Fine Point Blade
NOTE: The fine-point blade for the Joy is different than the one that fits the Explore and the Maker. They are two different housings as well as two different blades.
The fine point blade can be in any of three different colored housings. The gold is meant to be the premium fine point, and the gray was meant to be the regular fine-point blade. Note that all Cricut machines come with a fine point blade. Some of you may have gotten the gray version with your machine, but you can get the premium fine-point blades and add them to the gray housing.
The pink housing actually designates a bonded-fabric blade. So just like you want fabric scissors versus regular scissors, you want regular blade versus fabric blade. Be sure to either get a pink housing for the blade you’re going to use just for the bonded fabric or get two gold housings or two silver housings and mark the one that you plan to use for fabric.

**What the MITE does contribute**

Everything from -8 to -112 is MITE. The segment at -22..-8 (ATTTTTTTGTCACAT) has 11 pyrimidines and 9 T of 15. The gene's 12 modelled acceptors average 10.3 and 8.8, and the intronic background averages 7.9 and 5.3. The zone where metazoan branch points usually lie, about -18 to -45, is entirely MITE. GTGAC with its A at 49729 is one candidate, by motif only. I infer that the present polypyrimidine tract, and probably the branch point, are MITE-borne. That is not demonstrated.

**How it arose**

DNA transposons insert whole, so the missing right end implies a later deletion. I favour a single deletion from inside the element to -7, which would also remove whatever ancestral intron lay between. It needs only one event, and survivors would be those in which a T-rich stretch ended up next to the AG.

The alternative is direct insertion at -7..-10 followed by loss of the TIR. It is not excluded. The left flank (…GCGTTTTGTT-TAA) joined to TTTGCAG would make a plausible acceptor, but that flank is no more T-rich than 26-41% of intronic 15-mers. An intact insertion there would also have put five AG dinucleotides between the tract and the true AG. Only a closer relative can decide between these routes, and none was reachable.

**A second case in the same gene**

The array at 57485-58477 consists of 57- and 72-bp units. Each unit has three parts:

Now, you might just be asking what can you use the fine-point blade on? So any of the fine-point blades either for the Joy or the Explore and Maker series can be used for paper, card stock, poster board, bonded fabric, vinyl, iron-on, and any other thin to medium-weight materials.
Deep Point Blade
The deep point blade goes slightly deeper than the fine point and can be used on the Explore or the Maker series. The deep point blade has a steeper angle, it’s a 60-degree angle versus the fine point that a 45-degree angle.
The deep point blade is used when you’re wanting to cut thicker materials like magnets, chipboard, thick card stock, stiffened felt, foam sheets, cardboard, and even some fabrics. I also love it for cutting leather to make leather earrings!